The Allahabad High Court on Wednesday quashed a first information report filed by the Uttar Pradesh Police against Siddharth Varadarajan, a founding editor of The Wire and Ismat Ara, a reporter with the news website, in connection with an article on the death of a farmer at a tractor rally in Delhi on Republic Day last year, Live Law reported.

The article had cited the deceased farmer’s family members who claimed that he had died in police firing at the rally held to protest against the central government’s three agriculture laws which have now been repealed. The family members of Navreet Singh had rejected the Delhi Police’s claims that the farmer had died after his tractor overturned.

In February last year, the Uttar Pradesh Police filed a case against Varadarajan after he tweeted Ara’s article. A case under Indian Penal Code Sections 153-B (imputations, assertions prejudicial to national integration) and 505(2) (statements conducing to public mischief) was filed in the state’s Rampur district. Later, the police added Ara’s name to the first information report.

The FIR was filed on the basis of a complaint file by a person called Sanju Turaha, a resident of Rampur.

What did the Allahabad High Court say?

On Wednesday, a division bench of Justices Ashwani Kumar Mishra and Rajnish Kumar observed that the report did not cite opinions of the journalists, but statements of the farmer’s family members , Live Law reported.

The court also noted that The Wire had published a press statement released by three doctors in Rampur who conducted the autopsy of the body and denied the claims made by the family members. The farmer’s grandfather had claimed that the doctors had told him about seeing a bullet injury but did not mention it in the post-mortem report.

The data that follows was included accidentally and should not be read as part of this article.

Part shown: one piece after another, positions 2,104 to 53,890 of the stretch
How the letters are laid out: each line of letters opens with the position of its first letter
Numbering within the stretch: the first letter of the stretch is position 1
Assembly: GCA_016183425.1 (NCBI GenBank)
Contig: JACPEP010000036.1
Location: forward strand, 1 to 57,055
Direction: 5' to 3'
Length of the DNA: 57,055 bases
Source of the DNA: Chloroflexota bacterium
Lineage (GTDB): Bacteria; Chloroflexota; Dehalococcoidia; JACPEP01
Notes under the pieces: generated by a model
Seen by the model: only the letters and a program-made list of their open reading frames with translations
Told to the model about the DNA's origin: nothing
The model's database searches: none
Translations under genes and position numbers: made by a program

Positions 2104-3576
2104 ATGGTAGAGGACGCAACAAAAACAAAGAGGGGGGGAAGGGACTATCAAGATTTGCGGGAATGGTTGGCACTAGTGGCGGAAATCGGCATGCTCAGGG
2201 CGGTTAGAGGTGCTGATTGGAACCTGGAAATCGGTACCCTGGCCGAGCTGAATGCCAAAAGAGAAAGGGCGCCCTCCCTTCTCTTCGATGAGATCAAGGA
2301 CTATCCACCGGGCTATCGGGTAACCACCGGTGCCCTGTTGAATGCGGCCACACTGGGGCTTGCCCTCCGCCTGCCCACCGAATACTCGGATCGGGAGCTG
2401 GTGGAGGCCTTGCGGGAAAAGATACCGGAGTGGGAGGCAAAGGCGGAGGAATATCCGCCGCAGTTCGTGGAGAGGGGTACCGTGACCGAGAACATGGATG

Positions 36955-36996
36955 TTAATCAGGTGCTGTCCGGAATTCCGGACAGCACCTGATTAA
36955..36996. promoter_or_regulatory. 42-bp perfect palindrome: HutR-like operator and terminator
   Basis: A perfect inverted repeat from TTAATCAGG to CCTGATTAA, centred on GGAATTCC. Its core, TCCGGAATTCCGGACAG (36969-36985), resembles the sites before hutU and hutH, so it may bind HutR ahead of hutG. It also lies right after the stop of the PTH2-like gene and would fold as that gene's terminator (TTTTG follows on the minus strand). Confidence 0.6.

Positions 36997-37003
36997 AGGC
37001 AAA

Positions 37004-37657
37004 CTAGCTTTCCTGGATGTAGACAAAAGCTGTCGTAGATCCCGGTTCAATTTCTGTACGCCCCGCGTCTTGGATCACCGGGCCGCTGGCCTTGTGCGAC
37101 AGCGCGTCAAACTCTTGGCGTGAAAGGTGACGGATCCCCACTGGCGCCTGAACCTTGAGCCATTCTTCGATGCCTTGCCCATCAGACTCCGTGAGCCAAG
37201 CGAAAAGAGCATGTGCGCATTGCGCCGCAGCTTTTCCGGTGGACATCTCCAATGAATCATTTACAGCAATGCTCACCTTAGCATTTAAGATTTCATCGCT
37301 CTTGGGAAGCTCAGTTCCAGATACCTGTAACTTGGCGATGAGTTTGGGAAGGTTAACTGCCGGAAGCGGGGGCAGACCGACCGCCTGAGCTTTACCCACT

On Wednesday, the judges noted: “This publication was made on 30.01.2021 at 10.08 am and on the very same day, a clarification of the three doctors was issued by Rampur Police at 04.39 pm, immediately thereafter at 04:46 pm, the same was also published by the petitioners.”

The court also held that the news report did not carry any opinion that could provoke or incite citizens.

“Nothing was also brought before this court to indicate that there was any disturbance or riot which may have any bearing on public disorder on account of the publication of news/ tweet of the petitioners,” the court held, according to Live Law.

The court held that conviction under Section 153B of the Indian Penal Code requires a visual representation or words in the written or spoken form that can incite citizens to violate the sovereignty and integrity of India, Live Law reported.

“Whereas for an offence under Section 505 (2) of the Indian Penal Code, the intent of the person making, publishing and/or circulating a report containing alarming news must be harm-based, for example, communal, language, caste, enmity, hatred, ill-will...” the court held.

Thousands of farmers had held sit-in protests at Delhi’s border points from November 2020, demanding that the Centre repeal the three laws that proposed to open up the country’s agriculture markets to private companies.

The farmers feared that the policies would make them vulnerable to corporate exploitation and would dismantle the minimum support price regime. The government continued to claim that the three laws were pro-farmers.

The protests had largely been peaceful but violence erupted on January 26 last year when a tractor rally planned to coincide with Republic Day celebrations turned chaotic.

Some protestors broke through barricades and entered Delhi, clashing with the police that tried to push them back with tear gas and a baton charge. Besides the death of one protestor, several others, including 300 Delhi Police personnel were also wounded.

The three farm laws were repealed on December 1.